Using online mapping while trying to find a dream house

I had a problem. I sold my house about a month ago (which is good in this market) but hadn’t found a place to buy. Taking the raw MLS results and using online mapping tools to see relationships between houses/schools/roads/airports/railroads/etc is harder than it should be.

First off I figured I’d just do it all in Google Earth and KML. This lasted about a day as Google’s (and Microsoft too) geocoding is less than desired in the area’s of Tempe I was looking at (at times hundreds of yards off). So I ended up using a couple of tools to research the locations before visiting on the ground (with 45,000 homes for sale in Maricopa County, you need to eliminate choices before visiting them).

First off the MLS site that my real estate agent uses is pretty good. I’ve not been able to figure out the company that makes the site, but Steve’s site runs on HomeQuest which is visually a cross between Mapquest and Google Maps. It has a quick AJAX interface that makes it easy to see the general location of a property and the neighborhood it is in (the neighborhood boundaries were very helpful).

The problem is you can’t tell what side of the road it is on and it doesn’t have aerial imagery. Putting the address into Google Maps gives you a nice overview of the house. The problem is that it makes it hard to share multiple locations (pasting 10 permalinks in an email is a non-starter). I tried to work with KML, but that was just an extra step I didn’t want. but it still doesn’t give you a feeling of the location of the house that you’d like before you spend an afternoon there only to see it is next to a Walmart. The work around for me was to use Zillow. Zillow has a much better address search and you can see the parcels to get a better understanding of the particular house.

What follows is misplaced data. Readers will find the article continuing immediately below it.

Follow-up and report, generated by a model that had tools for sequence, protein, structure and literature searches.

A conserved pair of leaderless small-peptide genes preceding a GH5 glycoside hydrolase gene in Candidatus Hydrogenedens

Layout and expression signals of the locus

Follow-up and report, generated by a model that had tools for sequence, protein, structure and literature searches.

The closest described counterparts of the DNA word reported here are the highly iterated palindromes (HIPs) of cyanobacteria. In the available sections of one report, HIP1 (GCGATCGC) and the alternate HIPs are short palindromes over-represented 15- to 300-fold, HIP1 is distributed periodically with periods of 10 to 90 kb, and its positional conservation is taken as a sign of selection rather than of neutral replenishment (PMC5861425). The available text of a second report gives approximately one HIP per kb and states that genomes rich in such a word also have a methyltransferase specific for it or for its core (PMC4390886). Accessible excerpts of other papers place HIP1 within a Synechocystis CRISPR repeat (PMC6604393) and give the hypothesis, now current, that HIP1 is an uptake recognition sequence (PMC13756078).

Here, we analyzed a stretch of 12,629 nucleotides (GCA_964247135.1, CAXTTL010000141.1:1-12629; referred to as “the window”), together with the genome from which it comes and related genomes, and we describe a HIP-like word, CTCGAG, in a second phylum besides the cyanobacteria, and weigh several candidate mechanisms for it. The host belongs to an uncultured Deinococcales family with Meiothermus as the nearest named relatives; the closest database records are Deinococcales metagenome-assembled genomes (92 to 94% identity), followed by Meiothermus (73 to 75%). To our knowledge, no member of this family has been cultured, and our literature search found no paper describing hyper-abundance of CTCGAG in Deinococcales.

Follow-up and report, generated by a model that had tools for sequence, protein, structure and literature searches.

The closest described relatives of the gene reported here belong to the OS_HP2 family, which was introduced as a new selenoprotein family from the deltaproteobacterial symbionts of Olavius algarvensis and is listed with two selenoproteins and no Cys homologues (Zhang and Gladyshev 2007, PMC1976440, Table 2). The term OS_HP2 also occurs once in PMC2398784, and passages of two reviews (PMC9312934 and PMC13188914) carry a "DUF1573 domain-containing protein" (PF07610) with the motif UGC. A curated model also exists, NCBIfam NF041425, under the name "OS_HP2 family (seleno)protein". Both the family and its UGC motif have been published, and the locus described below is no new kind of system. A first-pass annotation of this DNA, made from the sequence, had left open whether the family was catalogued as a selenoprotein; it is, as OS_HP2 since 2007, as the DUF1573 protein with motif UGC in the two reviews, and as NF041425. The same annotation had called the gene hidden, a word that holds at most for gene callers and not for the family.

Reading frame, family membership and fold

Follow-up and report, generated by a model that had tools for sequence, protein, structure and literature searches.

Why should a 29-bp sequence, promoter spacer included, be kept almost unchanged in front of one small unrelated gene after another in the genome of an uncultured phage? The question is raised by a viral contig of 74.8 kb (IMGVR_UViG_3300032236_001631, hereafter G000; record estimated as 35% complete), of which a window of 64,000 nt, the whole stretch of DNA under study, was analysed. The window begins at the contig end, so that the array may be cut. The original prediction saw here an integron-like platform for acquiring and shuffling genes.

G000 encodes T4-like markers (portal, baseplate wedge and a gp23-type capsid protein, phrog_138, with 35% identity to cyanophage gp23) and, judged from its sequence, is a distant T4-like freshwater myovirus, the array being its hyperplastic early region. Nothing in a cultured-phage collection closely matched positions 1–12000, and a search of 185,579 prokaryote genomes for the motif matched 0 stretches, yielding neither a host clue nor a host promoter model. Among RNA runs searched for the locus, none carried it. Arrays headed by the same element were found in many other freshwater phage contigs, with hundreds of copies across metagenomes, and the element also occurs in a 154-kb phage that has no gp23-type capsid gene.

Now the Zillow aerial is not as nice as Google’s, but they do have the Bird’s Eye view so I decided to click on that.

Sorry, we do not have images available for this location, but check out our Bird’s Eye View of Famous Homes.

OK so that doesn’t work. I know Microsoft Virtual Earth has Bird’s Eye View for Tempe, so off to another site. As I said above, Virtual Earth and Google are both off a little bit on the geocoding (not a big deal for directions, but important when looking at a house) so I used Zillow to pinpoint the house and pan the Bird’s Eye View.

So I can see the yard, the neighbors, the big road in the backyard, the railroad now the street and the power plant 1/4mile away (all without having to visit). The best part about Virtual Earth was that I could add multiple listings to my scratch pad and then share that with my wife, her mom (very important) and friends. KML would have been too much of a hassle and it doesn’t offer the Bird’s Eye View that is so valuable.

Now if Zillow had updated their Bird’s Eye since the first introduced it, I might have never bothered with Virtual Earth, but the Zillow/VE combo was just killer in finding the house I wanted in the location I wanted. I figured I’d be using Google Earth for this exercise, but Virtual Earth’s scratch pad is so valuable with sharing multiple points of interest that I never even bothered with Google’s products.

What about and ESRIs ArcWeb interface? Well was very slow. Even getting to the map took WAY TOO MANY CLICKS and I’d just give up. The map was nice, but it too was stuck in that horrible slow interface. Compared the my realtor’s site and the Zillow/VE combo it was just too much of a pain to deal with.

So I found my house and I close end of March. The only problem is I have to live in an apartment for that time between February 14th (when I close on my current house) and March 28th when I close on the new house. I can’t wait for the fun that will be. ;) At least that will give me time to fix Planet Geospatial (yea I’m a bad person for letting that fall apart) and build a 3D model of my new house in SketchUp.


February 8, 2007